England fans were up in arms about Harry Kane being denied two penalties against Tunisia following grappling in the box.
The first incident came in the 39th minute, shortly after Ferjani Sassi, who moments before had scored from the spot for Tunisia, appeared to wrestle Kane to the floor.
The video assistant referee (VAR), Sandro Ricci of Brazil, did initiate a review for the incident, which means he will look at several camera angles before either instructing the match referee, Wilmar Roldan, to take a look himself or indicate play should continue as there is no possible clear and obvious error to review.
Most agree that Sassi pulling Kane down is a foul, and as such it should have been reviewed and penalty awarded. However, just before that foul was committed John Stones clearly pushes Ellyes Skhiri in the back. Even if both offences happened at the same time, the laws of the game state play is restarted with a drop ball and as such VAR would not intervene.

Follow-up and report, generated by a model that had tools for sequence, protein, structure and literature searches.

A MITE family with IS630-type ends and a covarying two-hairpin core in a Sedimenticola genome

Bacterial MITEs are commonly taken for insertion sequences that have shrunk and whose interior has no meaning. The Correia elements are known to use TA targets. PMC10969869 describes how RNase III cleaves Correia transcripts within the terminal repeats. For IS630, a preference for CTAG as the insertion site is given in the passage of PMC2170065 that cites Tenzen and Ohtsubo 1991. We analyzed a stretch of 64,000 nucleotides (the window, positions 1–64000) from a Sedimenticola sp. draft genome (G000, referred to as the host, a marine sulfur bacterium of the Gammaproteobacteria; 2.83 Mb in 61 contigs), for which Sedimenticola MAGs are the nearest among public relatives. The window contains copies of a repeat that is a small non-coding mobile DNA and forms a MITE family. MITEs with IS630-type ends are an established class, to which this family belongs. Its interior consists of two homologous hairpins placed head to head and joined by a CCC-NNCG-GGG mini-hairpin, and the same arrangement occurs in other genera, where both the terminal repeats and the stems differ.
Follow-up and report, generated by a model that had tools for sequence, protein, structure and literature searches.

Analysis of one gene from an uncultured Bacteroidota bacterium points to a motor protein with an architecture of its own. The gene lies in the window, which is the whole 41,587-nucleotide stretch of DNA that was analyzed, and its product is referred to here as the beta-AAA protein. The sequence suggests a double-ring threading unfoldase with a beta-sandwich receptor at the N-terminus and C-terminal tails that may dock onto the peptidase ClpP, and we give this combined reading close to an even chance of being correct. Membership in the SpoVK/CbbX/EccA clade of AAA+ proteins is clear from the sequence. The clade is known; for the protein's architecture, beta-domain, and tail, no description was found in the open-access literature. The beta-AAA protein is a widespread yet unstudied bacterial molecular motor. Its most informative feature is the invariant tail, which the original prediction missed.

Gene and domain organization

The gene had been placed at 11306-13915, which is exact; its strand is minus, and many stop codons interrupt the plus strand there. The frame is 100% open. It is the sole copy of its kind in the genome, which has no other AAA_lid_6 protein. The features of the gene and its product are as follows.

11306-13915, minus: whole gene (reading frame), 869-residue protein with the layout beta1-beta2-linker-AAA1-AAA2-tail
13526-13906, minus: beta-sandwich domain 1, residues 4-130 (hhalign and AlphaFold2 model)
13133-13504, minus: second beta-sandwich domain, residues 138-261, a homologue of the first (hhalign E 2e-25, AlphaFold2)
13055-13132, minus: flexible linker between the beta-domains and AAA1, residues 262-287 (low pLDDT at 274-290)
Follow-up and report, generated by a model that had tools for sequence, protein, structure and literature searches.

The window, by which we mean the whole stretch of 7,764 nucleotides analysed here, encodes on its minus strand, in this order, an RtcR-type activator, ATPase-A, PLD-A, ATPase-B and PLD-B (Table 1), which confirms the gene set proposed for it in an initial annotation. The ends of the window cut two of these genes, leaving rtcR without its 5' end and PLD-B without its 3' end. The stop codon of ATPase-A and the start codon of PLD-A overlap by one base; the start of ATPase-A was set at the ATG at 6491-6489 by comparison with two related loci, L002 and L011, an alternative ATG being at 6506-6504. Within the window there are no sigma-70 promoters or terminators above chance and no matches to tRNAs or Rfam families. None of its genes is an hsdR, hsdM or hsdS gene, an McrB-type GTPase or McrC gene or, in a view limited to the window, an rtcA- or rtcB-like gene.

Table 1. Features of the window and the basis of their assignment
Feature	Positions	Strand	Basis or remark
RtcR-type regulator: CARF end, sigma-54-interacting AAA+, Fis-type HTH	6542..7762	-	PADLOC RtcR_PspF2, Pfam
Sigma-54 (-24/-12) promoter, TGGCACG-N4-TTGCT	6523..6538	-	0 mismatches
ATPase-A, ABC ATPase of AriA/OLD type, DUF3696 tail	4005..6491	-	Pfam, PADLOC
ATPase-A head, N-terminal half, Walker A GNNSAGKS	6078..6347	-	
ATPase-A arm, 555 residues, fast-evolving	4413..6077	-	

Unfortunately we cannot embed gifs which show the incident, but if you do search one out via Twitter (there are plenty available) you will see that the Stones push is just before Kane was actually fouled (not the initial contact).
This still image shows that Stones has already pushed Skhiri by the time Kane is being pulled down. It does not matter that Stones and Skhiri are not near the ball.
VAR protocol states that if there is a foul by the attacking team before the review incident, then that negates the review. The first infringement will always take precedent over that of the review. This is one reason by the VAR may have indicated play should continue.
The second incident, in the 52nd minute, appeared to show Kane being pulled to the floor by Yassine Meriah. However, replays indicated that Kane maybe also had hold of Meriah's arm and was pulling the Tunisian down as much as the other way around. Again, it appears to be a reason why VAR may not have asked Roldan to take a second look.
There was also no referee review for the Tunisia penalty, though VAR did consider the incident, when Kyle Walker caught Fakhreddine Ben Youssef with his arm. The side-on angle was particularly damning for the Manchester City defender, who appeared to throw his arm back. It was not an incident that could have been considered a "clear and obvious" error by the referee.